Imposter Syndrome At Work - your gender and another workplace myth

mindset Dec 07, 2022
Woman covering face with hands

Imposter Syndrome

Let’s start off with this old riddle – a man dies in a car crash and his critically injured son is sent to the hospital for surgery. Just as the surgery is about to begin the doctor stops and says ‘I can’t operate on him, he is my son!’. How could this be?

It’s his mother. The surgeon is a woman, how hard to imagine. This riddle has been used across many studies to show the depth of gender bias, with as little as 15% of participants correctly identifying that the surgeon was in fact a she.

Is it any surprise that the first research on Imposter Syndrome in 1978 was by two female psychologists, Suzanne Imes and Pauline Rose Chance. They believed that imposter syndrome is specifically representative of women, in particular, those in high achieving roles.

Imposter syndrome in the workplace, can be defined as a sense of self doubt related to your own work accomplishments and achievements. It can often make you feel like you’re tricking your coworkers into thinking you are more established and skilled than you actually are.


Feelings associated with Imposter Syndrome

So, how to know if you are experiencing imposter syndrome in your own working life? Typically, these are all hallmark symptoms of someone who is insecure in their own working abilities :

  • Inadequacy
  • Self doubt
  • Insecurity
  • Anxiety
  • Low self esteem
  • Depression

How might these look in a practical way in the workplace. Often, when someone experiencing feelings of inadequacy may shy away from new career opportunities or new projects as they fear failure and don’t see themselves as worthy for the task.


Types of Imposters

Imposter syndrome and all of its behaviours can actually be divided into different types, depending on the set of rules we create in our minds about what it means to be competent. Dr Valerie Young, an expert on Imposter Syndrome, created 5 prototypes for imposter syndrome.


The Perfectionist

This person sets themselves high standards on making sure everything they do is 100% correct, if there is a slight error then that totally discredits all the work and is seen as a sign of failure.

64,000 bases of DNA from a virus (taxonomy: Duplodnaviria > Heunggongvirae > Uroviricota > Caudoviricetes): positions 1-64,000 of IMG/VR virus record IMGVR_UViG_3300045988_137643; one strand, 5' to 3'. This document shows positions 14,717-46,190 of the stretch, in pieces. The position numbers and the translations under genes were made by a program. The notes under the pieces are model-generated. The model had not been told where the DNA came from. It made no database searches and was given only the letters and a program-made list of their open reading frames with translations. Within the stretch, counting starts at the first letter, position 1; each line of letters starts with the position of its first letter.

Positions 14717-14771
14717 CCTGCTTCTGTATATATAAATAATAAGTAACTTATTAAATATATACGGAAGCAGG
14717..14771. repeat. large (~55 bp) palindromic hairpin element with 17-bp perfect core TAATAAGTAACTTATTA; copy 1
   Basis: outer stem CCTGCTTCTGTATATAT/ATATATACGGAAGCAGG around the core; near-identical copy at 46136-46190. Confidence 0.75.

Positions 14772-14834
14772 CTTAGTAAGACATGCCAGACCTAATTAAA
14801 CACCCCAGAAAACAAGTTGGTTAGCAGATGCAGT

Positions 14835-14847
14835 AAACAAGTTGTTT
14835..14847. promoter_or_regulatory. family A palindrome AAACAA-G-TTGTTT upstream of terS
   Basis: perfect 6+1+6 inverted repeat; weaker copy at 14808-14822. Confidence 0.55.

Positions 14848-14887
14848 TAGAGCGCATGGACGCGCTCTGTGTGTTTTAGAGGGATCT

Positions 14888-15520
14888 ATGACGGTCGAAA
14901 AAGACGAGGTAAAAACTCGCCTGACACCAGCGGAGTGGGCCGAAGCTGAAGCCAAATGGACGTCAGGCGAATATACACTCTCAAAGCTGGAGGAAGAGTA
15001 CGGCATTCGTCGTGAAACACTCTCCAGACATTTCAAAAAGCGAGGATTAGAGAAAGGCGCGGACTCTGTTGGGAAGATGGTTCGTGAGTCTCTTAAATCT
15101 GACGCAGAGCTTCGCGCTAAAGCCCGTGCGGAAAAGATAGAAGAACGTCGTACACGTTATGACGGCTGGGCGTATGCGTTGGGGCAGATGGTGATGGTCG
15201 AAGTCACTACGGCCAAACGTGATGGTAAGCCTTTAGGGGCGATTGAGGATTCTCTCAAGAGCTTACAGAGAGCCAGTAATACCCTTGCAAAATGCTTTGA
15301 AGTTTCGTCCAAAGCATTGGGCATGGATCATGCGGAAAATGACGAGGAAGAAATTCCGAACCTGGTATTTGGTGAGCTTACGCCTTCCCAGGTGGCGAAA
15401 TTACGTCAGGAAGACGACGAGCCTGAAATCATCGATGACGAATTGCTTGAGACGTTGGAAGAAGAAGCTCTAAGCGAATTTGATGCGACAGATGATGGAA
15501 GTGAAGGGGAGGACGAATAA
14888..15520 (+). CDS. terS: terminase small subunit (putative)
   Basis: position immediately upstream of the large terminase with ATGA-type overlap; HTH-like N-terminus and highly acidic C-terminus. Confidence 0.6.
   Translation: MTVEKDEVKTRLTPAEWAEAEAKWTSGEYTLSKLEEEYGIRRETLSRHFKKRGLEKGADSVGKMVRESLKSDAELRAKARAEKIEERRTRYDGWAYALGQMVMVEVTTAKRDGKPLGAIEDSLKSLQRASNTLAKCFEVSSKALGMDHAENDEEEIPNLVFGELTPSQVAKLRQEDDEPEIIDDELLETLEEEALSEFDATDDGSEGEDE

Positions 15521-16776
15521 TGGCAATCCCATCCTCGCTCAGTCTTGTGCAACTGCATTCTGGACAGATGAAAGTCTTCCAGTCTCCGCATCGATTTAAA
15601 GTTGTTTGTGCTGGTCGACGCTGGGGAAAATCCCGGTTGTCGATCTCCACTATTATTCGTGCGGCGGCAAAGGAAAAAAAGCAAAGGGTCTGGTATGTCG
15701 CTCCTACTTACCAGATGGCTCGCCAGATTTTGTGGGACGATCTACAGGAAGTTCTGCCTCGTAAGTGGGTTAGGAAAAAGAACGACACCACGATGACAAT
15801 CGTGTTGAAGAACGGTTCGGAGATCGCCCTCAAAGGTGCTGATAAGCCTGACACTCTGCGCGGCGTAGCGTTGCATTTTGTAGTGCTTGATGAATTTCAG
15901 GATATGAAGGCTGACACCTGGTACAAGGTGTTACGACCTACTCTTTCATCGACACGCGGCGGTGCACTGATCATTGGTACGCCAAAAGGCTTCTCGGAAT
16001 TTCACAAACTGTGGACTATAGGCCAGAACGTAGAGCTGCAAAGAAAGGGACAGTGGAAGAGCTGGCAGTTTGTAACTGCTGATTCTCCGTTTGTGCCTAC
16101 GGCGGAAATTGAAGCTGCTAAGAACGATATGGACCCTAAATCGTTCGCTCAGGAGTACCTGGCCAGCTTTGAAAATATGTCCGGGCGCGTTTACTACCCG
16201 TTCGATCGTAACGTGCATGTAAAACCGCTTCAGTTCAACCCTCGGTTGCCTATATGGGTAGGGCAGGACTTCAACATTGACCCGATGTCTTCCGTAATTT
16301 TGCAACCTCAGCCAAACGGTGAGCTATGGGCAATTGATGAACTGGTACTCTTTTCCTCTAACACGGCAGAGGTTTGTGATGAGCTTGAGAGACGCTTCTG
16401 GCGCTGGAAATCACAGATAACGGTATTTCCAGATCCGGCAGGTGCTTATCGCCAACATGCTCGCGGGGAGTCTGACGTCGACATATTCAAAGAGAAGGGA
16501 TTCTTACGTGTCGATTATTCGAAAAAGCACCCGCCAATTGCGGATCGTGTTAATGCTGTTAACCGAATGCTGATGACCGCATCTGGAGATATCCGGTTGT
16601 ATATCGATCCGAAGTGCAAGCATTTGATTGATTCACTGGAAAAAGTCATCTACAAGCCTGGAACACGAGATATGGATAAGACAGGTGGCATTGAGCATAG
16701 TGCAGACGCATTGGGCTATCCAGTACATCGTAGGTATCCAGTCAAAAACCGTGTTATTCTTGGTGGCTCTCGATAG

Pause for 60 seconds ask see if this applies to you

Do you believe your work has to be 100% correct 100% of the time?

The Expert

You guessed it – this person has to have all the knowledge on what and how to do everything they encounter at work. Their competence is measured on how much information they know, their main fear is coming across as unknowledgeable.

Pause for 60 seconds and see if this applies to you.

Have you ever shied away from a new task because you don’t have full expertise of each element ?


The Soloist

The main schema for this kind of person is that failure is asking someone for help. To attain success then everything must be done by yourself and nobody else.

Pause for 60 again and see if this can be applied to you.

Has there been an occasion in your career where you needed someones help, but didn’t reach out for fear of looking incapable?


The Natural Genius

You guessed it, these people measure their competence in being easily and quickly able to retrieve information and execute tasks. The thought of having to spend time mastering a skill is embarrassing and shameful.

Pause for 60 again…..

Do you dislike having a mentor because you want to do everything on your own?


The Superhero

Here’s one that I feel we can all relate to in some way. We judge our adequacy in our jobs by how many tasks and roles we can juggle at the same time. The more we do the more successful we are. If we fail to reach all deadlines at the one time, we are not capable or worthy.

Pause for 60…..

Do you get stressed when you are not constantly working, and feel like leisure time is ‘wasting’ time?


Why Women More Than Men

Imposter syndrome has an abundance of literature which mostly resides around the fact that women are more likely to experience it than men. In fact, a recent KPMG study found that 75% of executive women report experiencing imposter syndrome.

Its hard to be shocked by this statistic knowing that women in general face a harder route to establishing their careers than men, and according to a 2019 LeanIn study for every 100 men that are hired, there are only 72 women.

Brilliance bias is a term used in psychology to describe how we attribute men to be brilliant and sucessful based on their gender. Not only this, but it actively disregards the intellectual abilities of women. Regardless of how far we think we have come, gendered roles and jobs still ignite an abundance of insecurities and feelings of inadequacy among working women across all sectors. For more reading on gendered roles and stereotypes here is an article on our site (link).


How To Overcome Imposter Syndrome

From this article, I don’t want to overwhelm you with the looming idea that feeling inadequate in the workplace as a woman is inevitable, because it’s not.

We must remember how we have the ability to control and reform our own beliefs and rules in our head about what it means to be competent in your career, regardless of our environment.

Always speak up and ask for help. If you feel like you’re drowning in your own negative thoughts and don’t feel capable in your role then speak up. Sometimes we need others to lift us up and remind us just how skilled we are.

Learn to appreciate yourself and your set of skills. This is easier said than done, but adjusting your mindset to understand you have abilities beyond your knowledge and be open to try and fail.

Pause for 60. Taking that minute out of your day to actively reflect on what’s making you feel inadequate, how you can change it, and the task you wish to complete.


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